By Bob Setzer
In a recent Baptists Today article, I read about a 19th-century Baptist congregation that censured a slave for dancing. The slave was a “member” of the church, though as human chattel, it was his job merely to sit in the slave balcony, keep his mouth shut, be subservient as they believed the Bible required (Eph. 6:5; Col. 3:22), and count on his heavenly reward to someday make everything right.
But one Saturday night, this slave did too much drinking and too much dancing and was sanctioned by “his” church. Of course, the real irony was that the local brethren were incensed over the slave’s alleged misconduct while remaining oblivious to their own far greater evil of owning slaves.
Looking back, we wonder how good, well-meaning, God-fearing people could think owning slaves was consistent with following Jesus. They did so by cherry-picking Bible passages that seemed to countenance slavery while ignoring other passages that cried out for the liberation of all people in the name of God (Luke 4:18; Gal. 3:28; Philemon, etc.). And they read their Bibles the way they did because their economic interests, social conventions, and racial prejudices led them to do it.
Recently, the Georgia Baptist Convention (GBC) voted to exclude the First Baptist Church of Decatur for having a woman — my colleague and sister in Christ, Julie Pennington-Russell — as their pastor. Julie’s a gifted preacher and pastor and I doubt the GBC action will hurt her or her church, but it will certainly hurt the witness of Baptist Christians in the eyes of an unchurched world. And maybe in 25 years, or 50, or 100, the GBC action will seem as reprehensible to all Baptists as it does to me today.
On the “women’s issue,” or any other, I try to read the Bible in the light of Jesus, the One who told Mary to stay put, studying with the men folk, when her big sister, Martha, ordered her back to the kitchen (Luke 10:38-42); the One who commissioned a woman, Mary Magdalene, as the first evangelist of his Easter triumph (John 20:17-18); the One who unleashed a Spirit-breathed movement where the promise “your sons and your daughters [emphasis mine] will prophesy!” was sounded with joy and passion (Acts 2:17).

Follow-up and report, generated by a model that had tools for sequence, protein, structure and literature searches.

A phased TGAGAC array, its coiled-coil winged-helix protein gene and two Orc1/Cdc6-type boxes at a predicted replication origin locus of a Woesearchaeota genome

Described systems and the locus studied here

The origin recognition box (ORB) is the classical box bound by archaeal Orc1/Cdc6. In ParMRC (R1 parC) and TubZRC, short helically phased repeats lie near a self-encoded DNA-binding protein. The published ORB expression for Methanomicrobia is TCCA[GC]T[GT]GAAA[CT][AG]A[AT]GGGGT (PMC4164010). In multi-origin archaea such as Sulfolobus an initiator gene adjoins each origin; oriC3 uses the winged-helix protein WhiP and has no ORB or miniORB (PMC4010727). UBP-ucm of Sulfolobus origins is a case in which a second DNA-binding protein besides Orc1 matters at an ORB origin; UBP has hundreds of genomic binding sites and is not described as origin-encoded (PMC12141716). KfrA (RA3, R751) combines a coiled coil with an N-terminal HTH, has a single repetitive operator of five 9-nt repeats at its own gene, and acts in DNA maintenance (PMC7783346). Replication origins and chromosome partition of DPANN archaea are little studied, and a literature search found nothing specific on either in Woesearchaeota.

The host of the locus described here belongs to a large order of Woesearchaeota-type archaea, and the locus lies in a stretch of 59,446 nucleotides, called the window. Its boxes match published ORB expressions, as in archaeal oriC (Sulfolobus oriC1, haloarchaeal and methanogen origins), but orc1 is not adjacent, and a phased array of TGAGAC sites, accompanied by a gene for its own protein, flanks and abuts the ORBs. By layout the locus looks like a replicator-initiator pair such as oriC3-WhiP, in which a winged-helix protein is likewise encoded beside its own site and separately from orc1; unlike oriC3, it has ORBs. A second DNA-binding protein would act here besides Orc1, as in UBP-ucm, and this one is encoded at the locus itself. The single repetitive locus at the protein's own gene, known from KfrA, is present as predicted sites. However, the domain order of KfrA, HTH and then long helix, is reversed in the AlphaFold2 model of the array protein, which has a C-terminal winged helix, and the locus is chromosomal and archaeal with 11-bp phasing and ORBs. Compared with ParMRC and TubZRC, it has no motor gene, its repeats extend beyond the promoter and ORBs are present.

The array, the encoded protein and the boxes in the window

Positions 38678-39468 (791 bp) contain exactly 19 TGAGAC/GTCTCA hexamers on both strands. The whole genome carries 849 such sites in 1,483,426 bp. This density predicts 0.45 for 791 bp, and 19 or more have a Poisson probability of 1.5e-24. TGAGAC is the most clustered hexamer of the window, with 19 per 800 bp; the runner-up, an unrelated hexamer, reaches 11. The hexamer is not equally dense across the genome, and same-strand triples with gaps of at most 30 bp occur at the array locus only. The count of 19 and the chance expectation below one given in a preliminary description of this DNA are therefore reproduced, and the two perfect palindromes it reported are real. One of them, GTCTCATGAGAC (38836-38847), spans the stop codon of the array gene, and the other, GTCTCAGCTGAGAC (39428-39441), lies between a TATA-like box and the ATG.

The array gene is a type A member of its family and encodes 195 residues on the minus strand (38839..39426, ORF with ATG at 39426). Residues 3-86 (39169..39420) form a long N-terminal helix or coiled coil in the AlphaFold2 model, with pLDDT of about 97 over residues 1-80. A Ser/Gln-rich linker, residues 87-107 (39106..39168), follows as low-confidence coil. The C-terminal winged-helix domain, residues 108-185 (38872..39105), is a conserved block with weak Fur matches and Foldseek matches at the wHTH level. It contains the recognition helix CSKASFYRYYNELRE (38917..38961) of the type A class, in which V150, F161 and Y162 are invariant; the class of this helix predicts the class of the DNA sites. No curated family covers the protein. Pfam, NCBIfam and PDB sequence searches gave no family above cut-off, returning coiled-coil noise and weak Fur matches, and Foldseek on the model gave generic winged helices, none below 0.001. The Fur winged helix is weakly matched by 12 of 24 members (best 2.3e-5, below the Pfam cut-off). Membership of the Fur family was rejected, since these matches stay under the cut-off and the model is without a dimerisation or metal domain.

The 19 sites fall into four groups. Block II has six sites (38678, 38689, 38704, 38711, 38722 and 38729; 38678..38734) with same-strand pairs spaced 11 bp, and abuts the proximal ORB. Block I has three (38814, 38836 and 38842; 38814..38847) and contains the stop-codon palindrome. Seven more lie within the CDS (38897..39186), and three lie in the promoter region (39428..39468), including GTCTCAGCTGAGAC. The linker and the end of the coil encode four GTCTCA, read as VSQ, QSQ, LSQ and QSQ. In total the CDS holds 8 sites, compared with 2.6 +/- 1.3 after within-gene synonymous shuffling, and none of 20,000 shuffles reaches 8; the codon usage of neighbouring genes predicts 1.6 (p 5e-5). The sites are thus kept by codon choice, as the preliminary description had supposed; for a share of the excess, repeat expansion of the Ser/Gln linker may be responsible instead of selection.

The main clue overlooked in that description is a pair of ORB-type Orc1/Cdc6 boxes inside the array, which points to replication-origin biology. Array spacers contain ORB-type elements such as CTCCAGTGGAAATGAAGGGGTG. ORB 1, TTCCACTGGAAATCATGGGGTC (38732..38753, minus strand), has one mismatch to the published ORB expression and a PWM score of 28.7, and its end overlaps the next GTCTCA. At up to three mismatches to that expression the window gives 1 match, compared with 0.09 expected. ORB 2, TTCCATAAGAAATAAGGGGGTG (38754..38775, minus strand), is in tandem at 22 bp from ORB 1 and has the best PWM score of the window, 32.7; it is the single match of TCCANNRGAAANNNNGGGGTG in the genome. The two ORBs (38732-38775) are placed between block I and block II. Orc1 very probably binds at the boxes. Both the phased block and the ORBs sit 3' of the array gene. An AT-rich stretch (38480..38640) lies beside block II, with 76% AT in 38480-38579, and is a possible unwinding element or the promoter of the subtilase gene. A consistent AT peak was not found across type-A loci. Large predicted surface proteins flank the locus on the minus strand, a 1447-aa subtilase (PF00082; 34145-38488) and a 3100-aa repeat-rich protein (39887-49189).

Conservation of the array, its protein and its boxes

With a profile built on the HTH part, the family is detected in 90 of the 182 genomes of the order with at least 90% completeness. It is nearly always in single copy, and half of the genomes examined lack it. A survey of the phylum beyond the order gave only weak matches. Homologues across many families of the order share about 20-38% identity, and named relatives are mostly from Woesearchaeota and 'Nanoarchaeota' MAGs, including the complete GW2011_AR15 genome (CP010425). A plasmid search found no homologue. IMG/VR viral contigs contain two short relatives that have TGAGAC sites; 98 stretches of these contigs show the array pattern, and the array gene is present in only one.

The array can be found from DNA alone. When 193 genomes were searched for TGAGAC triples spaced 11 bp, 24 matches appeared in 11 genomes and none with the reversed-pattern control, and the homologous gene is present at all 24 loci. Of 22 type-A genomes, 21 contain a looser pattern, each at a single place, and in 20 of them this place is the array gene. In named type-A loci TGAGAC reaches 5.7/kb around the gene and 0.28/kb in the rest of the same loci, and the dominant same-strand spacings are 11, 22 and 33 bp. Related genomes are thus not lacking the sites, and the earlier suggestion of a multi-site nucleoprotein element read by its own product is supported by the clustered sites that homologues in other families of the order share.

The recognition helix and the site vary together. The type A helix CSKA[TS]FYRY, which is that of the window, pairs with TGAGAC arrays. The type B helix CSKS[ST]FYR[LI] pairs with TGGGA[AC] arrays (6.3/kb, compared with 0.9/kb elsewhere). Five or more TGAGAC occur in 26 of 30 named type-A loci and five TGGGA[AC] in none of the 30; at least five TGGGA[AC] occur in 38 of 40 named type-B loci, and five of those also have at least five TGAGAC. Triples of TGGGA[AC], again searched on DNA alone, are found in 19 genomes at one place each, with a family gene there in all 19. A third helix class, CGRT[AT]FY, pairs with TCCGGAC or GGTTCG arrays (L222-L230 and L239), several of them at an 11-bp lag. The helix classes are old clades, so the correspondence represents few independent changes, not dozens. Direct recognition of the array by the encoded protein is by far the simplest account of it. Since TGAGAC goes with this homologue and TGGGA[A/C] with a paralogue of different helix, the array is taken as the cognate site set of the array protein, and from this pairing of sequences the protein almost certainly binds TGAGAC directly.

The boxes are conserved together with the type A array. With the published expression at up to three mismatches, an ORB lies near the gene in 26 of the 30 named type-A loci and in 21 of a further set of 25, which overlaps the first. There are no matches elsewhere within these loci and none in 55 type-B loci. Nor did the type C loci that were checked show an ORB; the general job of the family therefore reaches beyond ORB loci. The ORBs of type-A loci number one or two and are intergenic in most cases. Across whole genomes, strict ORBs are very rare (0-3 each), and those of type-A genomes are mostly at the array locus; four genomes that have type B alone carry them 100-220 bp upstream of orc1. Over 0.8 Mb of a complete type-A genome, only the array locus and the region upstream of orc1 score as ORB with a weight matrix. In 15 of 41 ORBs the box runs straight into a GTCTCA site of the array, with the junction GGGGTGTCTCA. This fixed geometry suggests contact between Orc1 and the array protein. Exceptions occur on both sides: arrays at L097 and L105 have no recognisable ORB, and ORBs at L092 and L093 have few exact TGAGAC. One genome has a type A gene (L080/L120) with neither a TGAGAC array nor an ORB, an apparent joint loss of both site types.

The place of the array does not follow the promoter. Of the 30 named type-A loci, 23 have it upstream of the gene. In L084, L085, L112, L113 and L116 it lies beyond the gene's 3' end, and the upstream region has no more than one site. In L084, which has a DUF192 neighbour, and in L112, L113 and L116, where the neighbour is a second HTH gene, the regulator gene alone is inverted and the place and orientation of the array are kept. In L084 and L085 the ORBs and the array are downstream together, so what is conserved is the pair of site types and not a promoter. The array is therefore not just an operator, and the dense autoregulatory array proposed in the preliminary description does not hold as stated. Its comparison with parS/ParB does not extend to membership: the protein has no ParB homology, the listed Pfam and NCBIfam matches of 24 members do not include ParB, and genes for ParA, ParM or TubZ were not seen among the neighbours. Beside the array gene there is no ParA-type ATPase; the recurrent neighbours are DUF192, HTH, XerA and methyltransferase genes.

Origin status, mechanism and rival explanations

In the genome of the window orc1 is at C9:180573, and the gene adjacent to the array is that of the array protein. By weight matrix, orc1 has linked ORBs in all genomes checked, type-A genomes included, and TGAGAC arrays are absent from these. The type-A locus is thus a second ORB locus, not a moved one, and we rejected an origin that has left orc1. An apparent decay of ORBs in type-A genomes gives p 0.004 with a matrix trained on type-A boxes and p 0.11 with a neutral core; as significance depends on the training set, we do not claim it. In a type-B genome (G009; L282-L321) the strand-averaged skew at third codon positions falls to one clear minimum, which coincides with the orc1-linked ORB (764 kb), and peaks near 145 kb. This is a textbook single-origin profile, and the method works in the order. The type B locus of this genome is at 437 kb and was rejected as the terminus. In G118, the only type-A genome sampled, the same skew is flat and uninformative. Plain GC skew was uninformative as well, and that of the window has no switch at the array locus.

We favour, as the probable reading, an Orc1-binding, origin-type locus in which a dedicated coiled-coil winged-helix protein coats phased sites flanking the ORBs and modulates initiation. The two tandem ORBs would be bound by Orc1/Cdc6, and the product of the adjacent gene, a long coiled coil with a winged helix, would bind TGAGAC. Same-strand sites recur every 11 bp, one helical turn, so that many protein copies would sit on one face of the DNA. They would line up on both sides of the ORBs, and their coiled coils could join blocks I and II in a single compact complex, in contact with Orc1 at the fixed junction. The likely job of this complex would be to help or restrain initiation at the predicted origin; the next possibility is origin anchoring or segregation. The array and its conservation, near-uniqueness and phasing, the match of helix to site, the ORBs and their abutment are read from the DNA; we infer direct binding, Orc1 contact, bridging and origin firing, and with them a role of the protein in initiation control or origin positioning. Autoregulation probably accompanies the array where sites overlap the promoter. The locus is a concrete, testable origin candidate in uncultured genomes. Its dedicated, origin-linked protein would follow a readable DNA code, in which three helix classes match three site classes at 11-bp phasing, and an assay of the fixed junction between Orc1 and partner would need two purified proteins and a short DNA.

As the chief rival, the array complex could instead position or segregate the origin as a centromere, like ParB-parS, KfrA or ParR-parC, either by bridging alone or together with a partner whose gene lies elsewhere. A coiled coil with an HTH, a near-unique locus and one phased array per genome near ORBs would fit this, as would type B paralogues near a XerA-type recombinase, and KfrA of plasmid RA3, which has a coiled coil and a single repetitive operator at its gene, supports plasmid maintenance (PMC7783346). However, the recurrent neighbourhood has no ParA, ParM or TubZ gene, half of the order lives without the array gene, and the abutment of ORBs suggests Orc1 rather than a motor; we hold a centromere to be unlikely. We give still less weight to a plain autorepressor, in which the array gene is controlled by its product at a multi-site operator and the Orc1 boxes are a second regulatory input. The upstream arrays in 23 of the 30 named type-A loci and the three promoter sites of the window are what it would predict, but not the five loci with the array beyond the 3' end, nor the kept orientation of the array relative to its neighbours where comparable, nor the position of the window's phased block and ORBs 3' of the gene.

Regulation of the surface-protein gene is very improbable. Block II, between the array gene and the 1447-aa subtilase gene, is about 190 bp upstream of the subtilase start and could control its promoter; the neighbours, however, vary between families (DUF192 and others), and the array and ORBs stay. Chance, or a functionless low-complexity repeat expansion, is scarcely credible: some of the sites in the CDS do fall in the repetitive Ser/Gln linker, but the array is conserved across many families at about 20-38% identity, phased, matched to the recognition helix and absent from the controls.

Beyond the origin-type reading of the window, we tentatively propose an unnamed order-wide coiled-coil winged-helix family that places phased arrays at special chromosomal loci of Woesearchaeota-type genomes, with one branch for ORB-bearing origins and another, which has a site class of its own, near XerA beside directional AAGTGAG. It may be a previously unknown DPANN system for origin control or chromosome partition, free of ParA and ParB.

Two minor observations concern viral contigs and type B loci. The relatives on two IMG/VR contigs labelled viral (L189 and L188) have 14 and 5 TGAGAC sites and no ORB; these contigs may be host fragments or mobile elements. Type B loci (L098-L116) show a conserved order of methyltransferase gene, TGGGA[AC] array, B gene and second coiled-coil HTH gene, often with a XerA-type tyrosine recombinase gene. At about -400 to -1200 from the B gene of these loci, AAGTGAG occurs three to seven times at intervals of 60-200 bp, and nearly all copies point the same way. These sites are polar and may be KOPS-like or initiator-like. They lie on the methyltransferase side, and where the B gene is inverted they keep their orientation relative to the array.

Yes, there are passages in the Bible that can be read as demeaning to women, as there are passages that can be (and were!) read as condoning slavery. But I choose to read such passages as speaking to a particular place and time while the universal word of the Gospel — the really Good News, the Jesus-emblazoned truth that should guide our reading of the Bible and the living of our lives — is this: “In Christ, there is no longer Jew or Gentile, slave or free, male and female; for you all are one in Christ Jesus!” (Gal. 3:28).
It took the church 19 centuries to understand that passage applied to slavery. Maybe in the 21st century, all of God’s far-flung children will finally see it applies to women, too.
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